Kolkata, April 25 (IANS) A three-and-half-year-old girl was beaten up alongside other members of her family allegedly by masked men to deter them from voting in the fourth phase of the West Bengal assembly polls on Monday.
The incident took place on Sunday night in North 24 Parganas’ Halisahar, which comes under Bijpur, one of the 49 constituencies which went to the polls on the day.
“Several masked men barged into the house armed with sticks and attacked us. When I tried to intervene, they abused me and assaulted me, warning all of us not to vote. They did not even spare my daughter,” said the toddler’s mother.
Yet to overcome the trauma of the attack, the child described how she was beaten up.
“They beat me here,” said the child pointing to her hand.
Undeterred by the attack and warnings of being “shot dead”, the woman carrying her little girl cast her vote.
“When they attacked me, my family, even my baby daughter, we had said we will not vote. But they have attacked us once, and now they will attack us again. So it’s better to get beaten after exercising my right,” said the woman after casting her vote.
The Election Commission took cognizance of the matter and police subsequently arrested two people.
“In Bijpur police station, a case was lodged at 12.30 a.m. on Monday for assaulting Titu Samajpati and his grand daughter and attacking their house.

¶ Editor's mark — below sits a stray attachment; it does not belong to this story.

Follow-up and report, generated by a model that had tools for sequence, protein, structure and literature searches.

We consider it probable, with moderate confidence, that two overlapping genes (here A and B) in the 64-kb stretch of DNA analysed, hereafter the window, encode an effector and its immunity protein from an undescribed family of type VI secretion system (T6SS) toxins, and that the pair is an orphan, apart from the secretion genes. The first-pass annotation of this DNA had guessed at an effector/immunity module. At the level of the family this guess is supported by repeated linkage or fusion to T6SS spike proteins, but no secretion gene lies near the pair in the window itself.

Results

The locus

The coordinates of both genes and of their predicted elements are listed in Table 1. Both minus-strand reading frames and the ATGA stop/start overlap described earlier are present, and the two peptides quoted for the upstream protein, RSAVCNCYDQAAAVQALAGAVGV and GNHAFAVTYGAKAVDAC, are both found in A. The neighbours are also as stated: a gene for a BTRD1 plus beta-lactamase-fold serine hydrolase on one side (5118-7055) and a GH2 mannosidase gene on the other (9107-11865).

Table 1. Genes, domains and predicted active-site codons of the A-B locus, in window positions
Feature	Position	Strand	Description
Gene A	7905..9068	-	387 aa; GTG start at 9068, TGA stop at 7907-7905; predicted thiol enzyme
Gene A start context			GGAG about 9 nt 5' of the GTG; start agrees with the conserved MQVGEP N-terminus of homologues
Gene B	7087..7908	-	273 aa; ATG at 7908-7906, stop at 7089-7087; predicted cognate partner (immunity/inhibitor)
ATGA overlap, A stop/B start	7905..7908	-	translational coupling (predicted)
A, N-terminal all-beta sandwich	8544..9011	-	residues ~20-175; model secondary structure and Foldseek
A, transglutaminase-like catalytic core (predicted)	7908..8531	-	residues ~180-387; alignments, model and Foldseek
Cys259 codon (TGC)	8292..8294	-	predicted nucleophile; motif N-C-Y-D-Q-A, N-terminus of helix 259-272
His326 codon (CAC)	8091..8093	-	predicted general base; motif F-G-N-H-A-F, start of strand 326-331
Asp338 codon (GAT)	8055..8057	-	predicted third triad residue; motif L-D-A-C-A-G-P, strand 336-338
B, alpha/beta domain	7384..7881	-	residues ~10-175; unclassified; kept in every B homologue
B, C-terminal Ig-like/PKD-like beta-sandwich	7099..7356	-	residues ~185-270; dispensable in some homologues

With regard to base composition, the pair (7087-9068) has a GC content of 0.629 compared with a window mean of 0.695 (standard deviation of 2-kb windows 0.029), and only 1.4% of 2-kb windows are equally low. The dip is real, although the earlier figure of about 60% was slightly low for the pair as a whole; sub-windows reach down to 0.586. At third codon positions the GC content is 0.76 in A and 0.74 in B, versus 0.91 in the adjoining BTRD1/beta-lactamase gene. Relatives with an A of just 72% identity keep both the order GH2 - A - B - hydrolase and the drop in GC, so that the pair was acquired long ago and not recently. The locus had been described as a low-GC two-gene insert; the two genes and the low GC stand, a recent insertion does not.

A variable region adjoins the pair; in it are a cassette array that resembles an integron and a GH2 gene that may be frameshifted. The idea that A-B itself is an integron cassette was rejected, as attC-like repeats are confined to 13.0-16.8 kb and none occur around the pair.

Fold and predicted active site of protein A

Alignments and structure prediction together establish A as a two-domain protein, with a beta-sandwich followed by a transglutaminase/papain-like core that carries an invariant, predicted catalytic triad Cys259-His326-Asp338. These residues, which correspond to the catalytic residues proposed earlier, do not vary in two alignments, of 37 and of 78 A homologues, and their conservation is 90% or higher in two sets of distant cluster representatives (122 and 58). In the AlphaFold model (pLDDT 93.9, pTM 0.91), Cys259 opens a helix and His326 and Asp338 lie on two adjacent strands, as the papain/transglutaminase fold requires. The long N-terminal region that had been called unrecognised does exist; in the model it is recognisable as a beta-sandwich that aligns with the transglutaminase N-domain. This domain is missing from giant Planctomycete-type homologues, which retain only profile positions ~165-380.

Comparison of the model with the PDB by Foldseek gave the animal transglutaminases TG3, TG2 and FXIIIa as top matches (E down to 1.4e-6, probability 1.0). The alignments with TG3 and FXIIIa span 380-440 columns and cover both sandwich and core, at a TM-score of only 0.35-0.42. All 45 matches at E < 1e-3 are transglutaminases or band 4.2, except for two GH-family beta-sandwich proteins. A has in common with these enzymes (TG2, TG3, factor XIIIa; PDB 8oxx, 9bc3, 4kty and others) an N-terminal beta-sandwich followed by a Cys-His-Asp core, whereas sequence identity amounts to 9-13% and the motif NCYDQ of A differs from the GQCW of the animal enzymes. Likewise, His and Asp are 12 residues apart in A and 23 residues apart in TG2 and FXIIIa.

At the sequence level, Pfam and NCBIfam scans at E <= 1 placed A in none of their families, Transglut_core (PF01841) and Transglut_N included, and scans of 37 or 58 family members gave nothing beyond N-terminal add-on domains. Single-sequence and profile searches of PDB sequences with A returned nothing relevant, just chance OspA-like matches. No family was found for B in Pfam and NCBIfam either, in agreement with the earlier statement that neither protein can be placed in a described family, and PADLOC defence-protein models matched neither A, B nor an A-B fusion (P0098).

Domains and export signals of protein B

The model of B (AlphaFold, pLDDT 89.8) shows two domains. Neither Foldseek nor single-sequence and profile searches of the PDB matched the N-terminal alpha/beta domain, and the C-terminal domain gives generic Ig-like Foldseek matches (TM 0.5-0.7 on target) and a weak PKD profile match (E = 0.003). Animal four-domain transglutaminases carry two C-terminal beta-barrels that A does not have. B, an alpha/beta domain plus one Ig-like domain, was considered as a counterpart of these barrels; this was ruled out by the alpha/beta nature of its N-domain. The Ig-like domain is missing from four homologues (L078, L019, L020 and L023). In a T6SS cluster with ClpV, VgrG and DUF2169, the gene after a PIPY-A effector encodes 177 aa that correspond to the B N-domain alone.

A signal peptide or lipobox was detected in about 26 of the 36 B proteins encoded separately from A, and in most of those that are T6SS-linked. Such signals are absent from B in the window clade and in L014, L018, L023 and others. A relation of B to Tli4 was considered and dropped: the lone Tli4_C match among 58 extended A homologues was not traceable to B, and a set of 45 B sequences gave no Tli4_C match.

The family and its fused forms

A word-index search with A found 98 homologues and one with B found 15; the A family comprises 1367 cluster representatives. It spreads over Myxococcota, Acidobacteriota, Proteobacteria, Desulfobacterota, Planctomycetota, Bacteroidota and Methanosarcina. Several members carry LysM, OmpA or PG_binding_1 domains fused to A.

“Investigation is going on and two people have been arrested,” said Additional Director General of Police (Law and Order) Anuj Mitra.
While the family said they could not identify the attackers, the Communist Party of India-Marxist accused the ruling Trinamool Congress of being behind it.
Condemning the attack, CPI-M state secretary Surjya Kanta Mishra said the family was attacked as the child’s father was a Left Front polling agent.
“Even a three-and-half-year-old child is not spared by Trinamool goons, his father is a Left polling agent. We salute the brave mother. We stand with all our might by this indomitable family,” he said.
Accusing the Trinamool of targeting even babies, elderly and women, Mishra said the “attacks were a reflection of the Trinamool’s frustration at losing ground”.